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Elizabeth Braatz

Ethnicity:

Asian

Current position: 

Conservation and Science Technician

Current facility:

Disney's Animal Kingdom

Year zoo career began:

2016

Elizabeth Braatz is a Conservation and Science Technician at Disney’s Animal Kingdom. Elizabeth never imagined that being a butterfly scientist could even be a job, but she is very excited that it is, because bug science rocks! Elizabeth works as a conservation and science technician with a butterfly and pollinator focus. On a day-to-day basis, Elizabeth might be found analyzing insect data, conducting insect and plant surveys at a solar site, and sharing the team's findings and stories with others. Elizabeth also helped conserve a rare species of butterfly, the Atala hairstreak butterfly. She and other Disney teammates raised over 3,000 imperiled butterflies and shipped them to restored habitat. Through her work and master’s program, Elizabeth has co-authored three papers on the following topics: the impact of an invasive fungus on butterfly habitat, creating baby food for young caterpillars being raised in the lab, and backyard habitats.

Elizabeth has always had a passion for the environment- some of her fondest memories are searching for bugs while camping with her family across Wisconsin. Elizabeth has a Bachelor of Science in Environmental Science, Policy, and Management from the University of Minnesota- Twin Cities and a Master of Science in Entomology from the University of Florida. Before beginning her current position, Elizabeth worked as a biological technician intern for the U. S. Fish and Wildlife Service, as a volunteer for the Monarch Lab in Minnesota, and as an Assistant Write for the Regional Sustainable Development Partnerships at the University of Minnesota Extension.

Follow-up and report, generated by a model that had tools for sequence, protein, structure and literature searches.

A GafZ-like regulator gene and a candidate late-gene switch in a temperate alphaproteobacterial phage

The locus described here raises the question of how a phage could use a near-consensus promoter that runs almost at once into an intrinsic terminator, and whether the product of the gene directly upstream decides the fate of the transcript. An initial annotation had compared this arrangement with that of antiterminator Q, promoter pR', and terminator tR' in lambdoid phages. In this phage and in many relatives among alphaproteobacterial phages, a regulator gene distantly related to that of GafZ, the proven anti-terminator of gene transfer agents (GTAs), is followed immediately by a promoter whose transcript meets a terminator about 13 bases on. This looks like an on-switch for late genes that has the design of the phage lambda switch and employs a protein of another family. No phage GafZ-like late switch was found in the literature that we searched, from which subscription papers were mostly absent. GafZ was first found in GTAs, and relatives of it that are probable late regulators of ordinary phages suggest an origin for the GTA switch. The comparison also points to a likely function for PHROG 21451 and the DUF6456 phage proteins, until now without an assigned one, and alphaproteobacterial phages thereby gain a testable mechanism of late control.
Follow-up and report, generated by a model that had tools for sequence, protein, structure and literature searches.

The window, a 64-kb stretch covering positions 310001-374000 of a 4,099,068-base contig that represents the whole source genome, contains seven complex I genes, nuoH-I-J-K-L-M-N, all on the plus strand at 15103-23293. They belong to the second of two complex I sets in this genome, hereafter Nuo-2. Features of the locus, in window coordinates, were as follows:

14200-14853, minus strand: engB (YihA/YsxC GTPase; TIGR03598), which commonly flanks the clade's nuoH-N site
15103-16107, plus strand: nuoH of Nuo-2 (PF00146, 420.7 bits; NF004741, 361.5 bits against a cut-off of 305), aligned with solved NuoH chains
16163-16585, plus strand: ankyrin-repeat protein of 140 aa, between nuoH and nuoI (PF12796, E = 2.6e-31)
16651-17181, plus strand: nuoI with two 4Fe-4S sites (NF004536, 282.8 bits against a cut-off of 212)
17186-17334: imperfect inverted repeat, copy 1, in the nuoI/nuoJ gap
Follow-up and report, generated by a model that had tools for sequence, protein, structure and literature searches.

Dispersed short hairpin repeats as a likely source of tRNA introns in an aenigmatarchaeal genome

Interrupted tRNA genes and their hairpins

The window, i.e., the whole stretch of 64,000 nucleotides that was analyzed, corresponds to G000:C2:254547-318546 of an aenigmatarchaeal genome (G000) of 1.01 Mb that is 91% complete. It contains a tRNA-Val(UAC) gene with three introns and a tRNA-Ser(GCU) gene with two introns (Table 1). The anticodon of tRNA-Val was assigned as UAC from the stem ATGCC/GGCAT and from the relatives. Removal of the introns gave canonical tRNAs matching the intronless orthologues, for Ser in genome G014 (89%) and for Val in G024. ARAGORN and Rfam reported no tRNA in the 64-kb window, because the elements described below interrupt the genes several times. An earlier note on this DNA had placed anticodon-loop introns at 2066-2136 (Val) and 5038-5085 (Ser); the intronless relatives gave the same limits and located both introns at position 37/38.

Elizabeth’s favorite part of her job is the variety- she really enjoys constantly learning and doing different things. Her advice for aspiring butterfly scientists is to be persistent! Sometimes, this field can be like a catch-22 -- everyone wants people to have experience, but how do you gain experience when you don't have any? Keep being persistent in asking about opportunities, volunteering for ones that come up, and if you don't get the first, or second, or third internship, keep asking around and working to improve yourself. There IS a place for you in the zoology world. Sometimes, it just takes some time to find your niche.